“Incitement to violence is something that's already condemned in international law,” she said. “But to say things that are religious in nature, and provocative, is an entirely different thing. What continues to be the problem is the conflation of the two.”

McGuire also noted that the new resolution's failure to condemn blasphemy laws would allow Islamic states to continue claiming a U.N. mandate for such measures.

Zamir Akram, Pakistan's ambassador to the Organization of the Islamic Conference, said the new resolution “does not replace the (Islamic conference’s) earlier resolutions on combating defamation of religions, which … continue to remain valid.”

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Doctor from Haiti says post-quake help must continue

West Hartford, Conn., May 5, 2011 (CNA) - Although the Haitian people are grateful for all that has been accomplished since the devastating earthquake shook Haiti 16 months ago, they need the generous aid and deep commitment to continue.

In a program hosted by Diocese of Norwich Outreach to Haiti and St. Peter Claver Church, Jude Marie Banatte, a Haitian doctor who has been with Catholic Relief Services for 11 years, spoke about CRS activities following the earthquake and about the progress of long term reconstruction and recovery.

"Things are not moving fast in Haiti, said Dr. Banatte. "But they are moving fast enough, when we consider the challenges and the underlying conditions (that existed) before the disaster."

Dr. Banatte, who manages large CRS medical and health projects on Haiti’s southwestern coast, presented statistics to provide a context for considering the magnitude of achievements and to enhance understanding of why recovery in Haiti will require a long term effort. He also contrasted circumstances surrounding the earthquake in Haiti and subsequent quakes in Chile and Japan, where recovery seems to be moving at a faster pace.

Before the earthquake, the literacy rate in Haiti was just 52 percent, and half the population lived on less than $1 a day. The country had the highest infant mortality rate in the region, and there were only two doctors for every 10,000 inhabitants, he said.

Agricultural productivity was so low it only accounted for 28 percent of gross domestic product. Haiti only produced 49 percent of the food it needs to feed itself; forcing the country to rely on imports.

"Farming doesn’t provide for the needs of the country," said Dr. Bannatte. "(Yet) we do not have hunger in Haiti; we do not have malnutrition in Haiti. It’s a major accomplishment."

That’s because CRS has distributed 25 million rations since the quake, he said, to help meet the nutritional needs of the Haitian people.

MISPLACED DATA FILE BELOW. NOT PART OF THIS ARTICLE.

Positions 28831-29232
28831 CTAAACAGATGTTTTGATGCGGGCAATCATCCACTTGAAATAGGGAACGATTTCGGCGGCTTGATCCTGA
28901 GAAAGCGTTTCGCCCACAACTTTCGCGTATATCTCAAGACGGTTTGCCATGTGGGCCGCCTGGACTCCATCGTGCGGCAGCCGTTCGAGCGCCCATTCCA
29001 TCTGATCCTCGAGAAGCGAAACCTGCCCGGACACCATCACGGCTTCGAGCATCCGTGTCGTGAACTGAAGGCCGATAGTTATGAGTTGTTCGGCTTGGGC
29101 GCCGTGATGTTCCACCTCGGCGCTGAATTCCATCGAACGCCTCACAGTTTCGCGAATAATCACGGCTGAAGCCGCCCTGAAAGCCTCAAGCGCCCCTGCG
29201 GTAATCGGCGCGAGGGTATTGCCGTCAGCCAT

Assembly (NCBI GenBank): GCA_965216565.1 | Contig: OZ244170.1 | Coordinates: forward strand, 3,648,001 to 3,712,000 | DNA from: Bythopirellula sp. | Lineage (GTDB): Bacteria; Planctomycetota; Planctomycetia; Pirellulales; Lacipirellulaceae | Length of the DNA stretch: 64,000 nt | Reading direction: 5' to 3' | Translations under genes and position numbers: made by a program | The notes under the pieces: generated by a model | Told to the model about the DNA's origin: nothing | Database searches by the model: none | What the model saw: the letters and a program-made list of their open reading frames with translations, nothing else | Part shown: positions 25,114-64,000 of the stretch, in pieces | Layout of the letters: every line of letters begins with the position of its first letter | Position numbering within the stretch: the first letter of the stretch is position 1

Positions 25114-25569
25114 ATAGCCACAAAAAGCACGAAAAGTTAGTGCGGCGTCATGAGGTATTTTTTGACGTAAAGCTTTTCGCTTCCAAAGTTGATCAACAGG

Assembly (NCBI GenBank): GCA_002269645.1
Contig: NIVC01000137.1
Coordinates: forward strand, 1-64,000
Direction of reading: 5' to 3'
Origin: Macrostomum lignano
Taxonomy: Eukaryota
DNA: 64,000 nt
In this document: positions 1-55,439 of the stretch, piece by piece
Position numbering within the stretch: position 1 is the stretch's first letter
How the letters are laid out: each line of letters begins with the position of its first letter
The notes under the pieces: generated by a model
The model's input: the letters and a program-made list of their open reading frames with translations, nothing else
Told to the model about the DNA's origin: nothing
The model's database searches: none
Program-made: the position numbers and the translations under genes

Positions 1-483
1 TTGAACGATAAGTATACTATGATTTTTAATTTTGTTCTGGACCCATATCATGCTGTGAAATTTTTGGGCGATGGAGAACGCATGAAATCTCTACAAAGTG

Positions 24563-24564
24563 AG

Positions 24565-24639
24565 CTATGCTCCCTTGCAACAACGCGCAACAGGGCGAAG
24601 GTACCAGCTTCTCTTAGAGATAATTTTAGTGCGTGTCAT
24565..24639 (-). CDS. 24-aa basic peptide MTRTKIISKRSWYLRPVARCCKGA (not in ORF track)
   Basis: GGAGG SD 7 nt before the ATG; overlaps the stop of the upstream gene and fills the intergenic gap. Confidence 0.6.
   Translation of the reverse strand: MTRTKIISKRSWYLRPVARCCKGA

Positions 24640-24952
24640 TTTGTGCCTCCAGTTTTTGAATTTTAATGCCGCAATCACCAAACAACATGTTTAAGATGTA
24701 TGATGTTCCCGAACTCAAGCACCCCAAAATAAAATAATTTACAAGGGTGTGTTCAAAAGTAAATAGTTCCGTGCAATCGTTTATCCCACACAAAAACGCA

But the real accomplishment, he said, has been in empowering Haitians to increase self-sufficiency so they may provide for their own nutritional needs.

Dr. Banatte called the fact that no epidemics have started in the camps "another major accomplishment." More than 1.2 million homeless people were sheltered in open areas, creating a huge potential for disease, he said.

Dr. Banatte said the efforts of CRS in Haiti have been in three phases: relief, recovery and reconstruction. Most efforts so far have been on relief and recovery.

In all of its efforts, CRS seeks to help Haitians to become self-reliant and take greater roles.

"We have transitioned into activities that enable people to make their own living, enabling them to provide for their families and develop the economy," he said. CRS is also working with farmers to improve agricultural production.

Eleven thousand people have been employed with pay for clearing rubble, cleaning out drainage canals and building transitional shelters. Others have helped clear debris, making way for 8,000 transitional shelters that have been built. More than 1,300 water and sanitation units have also been installed.

Despite these results, people have the impression that not too much has been done in Haiti, said Dr. Banatte.

"I think that is very true if you are looking at it from the (perspective) of reconstruction; even the rubble hasn’t been removed yet," he said.

"But if you look at it in terms of meeting food, water, and sanitation needs of nearly three million people in a highly vulnerable group, the efforts have been very successful."

In contrasting circumstances in Haiti with the earthquakes in Chile and Japan, Dr. Banatte noted that the earthquake in Haiti had a magnitude of 7.2 and lasted 35 seconds.

The subsequent earthquakes in Chile and Japan were significantly stronger and lasted longer.

People ask why 230,000 died from the quake in Haiti, when in Japan, less than 10 percent of that number (including victims of the earthquake and tsunami) were killed, he said. While all of the earthquakes have been tragic and in Japan the nuclear crisis continues, the disaster in Haiti was exacerbated by many factors.

The people in Haiti were not prepared. The nation’s last earthquake was 200 years ago. Because the country is prone to hurricanes; municipal buildings were made to withstand wind and floods, but not to withstand an earthquake.

Video images of the earthquake in Japan showed people running from buildings. When the earth started to shake in Haiti, people thought something was happening in the streets and rushed into buildings to protect themselves, said Dr. Banatte.

The distance from the earthquake epicenters to major population centers was another factor.